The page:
--
Jim Gettys
One Laptop Per Child
Neil Horman
2006-07-25 18:17:33 UTC
Permalink
Post by Jim Gettys
Actually, it was Keith Packard who asked for this (and we've asked for
it before in the past).
I will note, that if my memory serves me right, the first X driver we
ever did (1984) had this feature.
Regards,
- Jim
("X is an exercise in avoiding system calls.")
P.S. my name is spelled "Gettys".
Sorry, my bad (fat fingers).
Neil
Post by Jim Gettys
Post by Neil Horman
Hey-
At OLS last week, During Dave Jones Userspace Sucks presentation, Jim
Geddys and some of the Xorg guys noted that they would be able to stop using gettimeofday
so frequently, if they had some other way to get a millisecond resolution timer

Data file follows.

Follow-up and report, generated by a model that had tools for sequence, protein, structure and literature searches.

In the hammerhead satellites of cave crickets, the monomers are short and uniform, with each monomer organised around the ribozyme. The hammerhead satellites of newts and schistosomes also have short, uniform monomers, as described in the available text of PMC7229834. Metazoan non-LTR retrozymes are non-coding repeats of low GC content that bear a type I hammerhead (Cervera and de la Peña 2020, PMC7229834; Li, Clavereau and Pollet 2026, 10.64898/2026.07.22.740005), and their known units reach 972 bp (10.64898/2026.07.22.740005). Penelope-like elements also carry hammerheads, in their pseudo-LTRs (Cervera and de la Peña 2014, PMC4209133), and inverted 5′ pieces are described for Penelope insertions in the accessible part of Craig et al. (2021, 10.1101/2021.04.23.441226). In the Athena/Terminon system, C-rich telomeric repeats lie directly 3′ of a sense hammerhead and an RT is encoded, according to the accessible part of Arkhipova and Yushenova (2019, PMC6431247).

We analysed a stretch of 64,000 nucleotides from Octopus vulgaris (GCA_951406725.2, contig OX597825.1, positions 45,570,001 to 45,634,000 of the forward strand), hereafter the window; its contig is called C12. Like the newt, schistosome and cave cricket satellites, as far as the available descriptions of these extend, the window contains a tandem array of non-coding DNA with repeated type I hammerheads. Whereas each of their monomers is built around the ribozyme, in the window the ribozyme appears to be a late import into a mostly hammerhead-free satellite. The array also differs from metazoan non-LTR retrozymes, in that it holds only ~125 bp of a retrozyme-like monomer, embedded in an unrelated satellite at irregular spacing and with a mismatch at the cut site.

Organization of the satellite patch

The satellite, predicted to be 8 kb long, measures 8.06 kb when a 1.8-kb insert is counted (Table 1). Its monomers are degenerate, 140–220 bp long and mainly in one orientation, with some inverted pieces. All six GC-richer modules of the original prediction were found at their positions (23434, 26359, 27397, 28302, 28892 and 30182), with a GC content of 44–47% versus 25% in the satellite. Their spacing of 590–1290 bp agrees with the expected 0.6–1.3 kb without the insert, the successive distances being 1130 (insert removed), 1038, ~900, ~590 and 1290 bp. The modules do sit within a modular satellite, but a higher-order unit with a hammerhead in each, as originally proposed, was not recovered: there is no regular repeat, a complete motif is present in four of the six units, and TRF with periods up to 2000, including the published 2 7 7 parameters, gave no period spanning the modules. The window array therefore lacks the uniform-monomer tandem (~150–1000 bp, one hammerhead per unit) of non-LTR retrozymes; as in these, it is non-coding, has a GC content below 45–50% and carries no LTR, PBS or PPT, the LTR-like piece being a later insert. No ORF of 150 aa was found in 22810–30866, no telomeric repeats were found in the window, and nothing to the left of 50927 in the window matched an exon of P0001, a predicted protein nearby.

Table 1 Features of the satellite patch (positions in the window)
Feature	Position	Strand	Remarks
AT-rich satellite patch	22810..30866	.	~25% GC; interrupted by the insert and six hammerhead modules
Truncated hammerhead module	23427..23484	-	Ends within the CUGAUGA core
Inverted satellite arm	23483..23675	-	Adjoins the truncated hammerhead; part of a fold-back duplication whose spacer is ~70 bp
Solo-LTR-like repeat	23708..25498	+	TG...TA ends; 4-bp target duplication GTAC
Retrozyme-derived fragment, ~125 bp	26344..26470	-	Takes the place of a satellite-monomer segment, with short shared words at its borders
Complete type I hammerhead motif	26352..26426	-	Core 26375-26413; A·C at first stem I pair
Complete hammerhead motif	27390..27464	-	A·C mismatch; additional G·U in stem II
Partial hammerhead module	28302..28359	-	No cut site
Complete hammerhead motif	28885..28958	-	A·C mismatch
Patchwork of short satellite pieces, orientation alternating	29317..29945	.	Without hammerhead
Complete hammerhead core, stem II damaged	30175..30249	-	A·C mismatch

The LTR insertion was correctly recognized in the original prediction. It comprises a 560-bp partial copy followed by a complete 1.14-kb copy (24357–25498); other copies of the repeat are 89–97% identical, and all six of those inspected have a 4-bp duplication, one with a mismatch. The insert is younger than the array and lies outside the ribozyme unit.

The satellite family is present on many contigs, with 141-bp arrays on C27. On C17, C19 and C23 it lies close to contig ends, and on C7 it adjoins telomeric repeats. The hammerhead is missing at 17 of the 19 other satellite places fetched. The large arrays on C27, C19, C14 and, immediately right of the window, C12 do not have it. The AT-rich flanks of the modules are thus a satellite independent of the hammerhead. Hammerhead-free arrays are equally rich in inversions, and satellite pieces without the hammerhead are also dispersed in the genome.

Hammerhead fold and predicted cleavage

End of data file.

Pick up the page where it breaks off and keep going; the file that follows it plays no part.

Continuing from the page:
in userspace, one that they could perhaps read from a memory mapped page. I was
right behind them and though that seemed like a reasonable request, so I've
taken a stab at it. This patch allows for a page to be mmaped from /dev/rtc
character interface, the first 4 bytes of which provide a regularly increasing
count, once every rtc interrupt. The frequency is of course controlled by the
regular ioctls provided by the rtc driver. I've done some basic testing on it,
and it seems to work well.
Thanks And Regards
Neil
Signed-off-by: Neil Horman
rtc.c | 41 ++++++++++++++++++++++++++++++++++++++++-
1 files changed, 40 insertions(+), 1 deletion(-)
diff --git a/drivers/char/rtc.c b/drivers/char/rtc.c
index 6e6a7c7..4ed673e 100644
--- a/drivers/char/rtc.c
+++ b/drivers/char/rtc.c
@@ -48,9 +48,10 @@
* CONFIG_HPET_EMULATE_RTC
* 1.12a Maciej W. Rozycki: Handle memory-mapped chips properly.